Guest post by Ryan, reprinted with permission from the original

When I was perusing DuckDuckGo’s corporate website for their explanation of a tracker that they use which my Web browsers block, I found their corporate headquarters address.

The tracker is called Improving DuckDuckGo, and of course they always have explanations for everything they do that’s creepy, and they get caught lying all of the time. And of course, Techrights has pointed out things like this before.

The most concerning facts are that they’re US-based (a Five Eyes country with no decent privacy laws at the state or federal levels), and can be compelled to track you by law enforcement, and that they host on Microsoft Azure and also scrape Bing for your search results. Thus, Microsoft would see your IP address on both transactions and can log your activities on DuckDuckGo quite easily, using nothing else, unless you’re on some sort of a VPN that millions of people use (like I am).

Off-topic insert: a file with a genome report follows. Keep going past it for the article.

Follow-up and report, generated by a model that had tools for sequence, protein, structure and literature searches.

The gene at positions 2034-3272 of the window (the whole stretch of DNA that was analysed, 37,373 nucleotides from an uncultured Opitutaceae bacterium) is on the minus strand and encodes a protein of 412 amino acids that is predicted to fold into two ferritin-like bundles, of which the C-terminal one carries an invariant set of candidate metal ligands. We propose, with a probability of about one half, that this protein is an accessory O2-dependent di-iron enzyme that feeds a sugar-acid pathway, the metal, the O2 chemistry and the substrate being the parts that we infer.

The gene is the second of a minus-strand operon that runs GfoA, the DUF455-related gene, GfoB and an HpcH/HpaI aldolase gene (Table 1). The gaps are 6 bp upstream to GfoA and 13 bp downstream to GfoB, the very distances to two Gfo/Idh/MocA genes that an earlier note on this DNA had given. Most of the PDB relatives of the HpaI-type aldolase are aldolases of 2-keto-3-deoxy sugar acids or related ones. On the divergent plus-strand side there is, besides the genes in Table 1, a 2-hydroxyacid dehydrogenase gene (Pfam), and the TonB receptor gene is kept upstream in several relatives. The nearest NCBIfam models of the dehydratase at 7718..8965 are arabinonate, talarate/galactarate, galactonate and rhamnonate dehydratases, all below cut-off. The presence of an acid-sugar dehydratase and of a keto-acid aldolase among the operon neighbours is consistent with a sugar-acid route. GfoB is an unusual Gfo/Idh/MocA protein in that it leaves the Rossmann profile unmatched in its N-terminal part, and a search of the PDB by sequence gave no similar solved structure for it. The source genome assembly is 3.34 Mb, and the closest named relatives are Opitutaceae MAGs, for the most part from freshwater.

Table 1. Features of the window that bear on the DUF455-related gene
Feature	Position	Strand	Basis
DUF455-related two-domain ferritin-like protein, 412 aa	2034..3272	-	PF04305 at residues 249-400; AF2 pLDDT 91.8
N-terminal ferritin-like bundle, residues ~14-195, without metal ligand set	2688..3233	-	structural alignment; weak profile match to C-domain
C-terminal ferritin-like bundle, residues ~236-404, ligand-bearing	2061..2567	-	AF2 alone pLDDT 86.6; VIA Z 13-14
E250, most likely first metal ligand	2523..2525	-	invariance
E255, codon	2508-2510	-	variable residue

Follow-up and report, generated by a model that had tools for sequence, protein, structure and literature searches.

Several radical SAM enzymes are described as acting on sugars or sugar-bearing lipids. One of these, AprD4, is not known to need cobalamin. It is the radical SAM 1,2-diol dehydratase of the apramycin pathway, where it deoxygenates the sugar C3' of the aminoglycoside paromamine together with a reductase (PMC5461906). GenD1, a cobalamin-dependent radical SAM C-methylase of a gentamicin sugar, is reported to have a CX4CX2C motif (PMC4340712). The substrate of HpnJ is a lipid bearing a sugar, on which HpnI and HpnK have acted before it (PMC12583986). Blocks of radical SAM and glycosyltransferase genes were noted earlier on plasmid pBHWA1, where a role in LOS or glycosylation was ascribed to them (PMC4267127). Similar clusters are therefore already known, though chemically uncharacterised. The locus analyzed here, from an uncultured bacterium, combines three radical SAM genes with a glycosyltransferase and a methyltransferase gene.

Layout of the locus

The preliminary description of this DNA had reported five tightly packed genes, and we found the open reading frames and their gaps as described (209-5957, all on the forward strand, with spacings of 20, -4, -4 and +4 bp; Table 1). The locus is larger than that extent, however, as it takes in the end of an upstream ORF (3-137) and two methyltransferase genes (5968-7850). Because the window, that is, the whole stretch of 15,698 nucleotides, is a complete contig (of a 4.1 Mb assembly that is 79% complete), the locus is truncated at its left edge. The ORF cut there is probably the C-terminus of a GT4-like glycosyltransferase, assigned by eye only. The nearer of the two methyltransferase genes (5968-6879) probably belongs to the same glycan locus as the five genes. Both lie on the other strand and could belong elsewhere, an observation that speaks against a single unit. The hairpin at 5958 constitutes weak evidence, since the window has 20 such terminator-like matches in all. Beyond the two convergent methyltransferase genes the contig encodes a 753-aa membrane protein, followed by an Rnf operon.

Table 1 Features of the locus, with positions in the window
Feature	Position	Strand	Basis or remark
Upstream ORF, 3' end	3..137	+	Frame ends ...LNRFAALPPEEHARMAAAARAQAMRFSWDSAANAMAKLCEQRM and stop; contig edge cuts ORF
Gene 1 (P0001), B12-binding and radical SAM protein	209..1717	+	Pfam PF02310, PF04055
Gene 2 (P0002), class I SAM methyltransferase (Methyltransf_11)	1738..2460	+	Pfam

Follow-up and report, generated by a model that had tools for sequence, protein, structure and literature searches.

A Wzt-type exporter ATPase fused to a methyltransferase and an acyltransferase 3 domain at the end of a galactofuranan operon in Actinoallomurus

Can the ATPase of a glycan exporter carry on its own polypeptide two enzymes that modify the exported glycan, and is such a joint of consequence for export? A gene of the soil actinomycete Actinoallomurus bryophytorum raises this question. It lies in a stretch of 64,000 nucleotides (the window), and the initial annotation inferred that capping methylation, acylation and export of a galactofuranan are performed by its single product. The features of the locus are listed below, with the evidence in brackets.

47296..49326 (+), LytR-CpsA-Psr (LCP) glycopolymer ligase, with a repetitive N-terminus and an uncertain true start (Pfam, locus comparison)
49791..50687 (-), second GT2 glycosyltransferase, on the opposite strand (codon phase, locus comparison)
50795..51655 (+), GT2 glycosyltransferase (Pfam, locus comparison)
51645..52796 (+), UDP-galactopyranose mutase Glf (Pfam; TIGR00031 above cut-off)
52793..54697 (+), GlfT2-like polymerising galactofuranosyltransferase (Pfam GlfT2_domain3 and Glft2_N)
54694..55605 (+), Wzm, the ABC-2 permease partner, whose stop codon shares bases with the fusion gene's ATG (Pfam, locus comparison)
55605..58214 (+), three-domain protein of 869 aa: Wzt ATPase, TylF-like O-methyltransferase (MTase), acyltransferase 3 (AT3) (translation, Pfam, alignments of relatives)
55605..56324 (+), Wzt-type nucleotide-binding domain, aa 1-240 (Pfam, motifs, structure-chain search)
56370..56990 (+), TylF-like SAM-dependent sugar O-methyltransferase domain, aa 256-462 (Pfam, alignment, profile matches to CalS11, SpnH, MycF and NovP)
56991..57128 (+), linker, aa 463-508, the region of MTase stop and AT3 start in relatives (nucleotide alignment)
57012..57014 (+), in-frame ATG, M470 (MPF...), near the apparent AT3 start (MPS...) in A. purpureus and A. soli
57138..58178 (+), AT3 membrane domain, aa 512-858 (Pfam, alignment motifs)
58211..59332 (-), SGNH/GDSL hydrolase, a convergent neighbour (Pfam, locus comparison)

But I googled (to get a Street View image) their address, 20 Paoli Pike Paoli, PA 19301, and it’s basically a small building that they share with a dentist’s office.

Due to copyright restrictions on the images, I can’t reproduce them here, but you have to go see this. Just trust me.

The building is so small that it’s like a one bedroom apartment with some DuckDuckGo images on the side.

I mentioned this to Roy Schestowitz in #techrights on irc.techrights.org and he replied that they don’t have to have much of a physical presence considering that they use Microsoft web hosting and scrape Microsoft Bing (which isn’t a very good search engine, privacy aside).

It was creepy enough when they used Amazon AWS, and it’s creepier now that they use Microsoft for both ends of the transaction.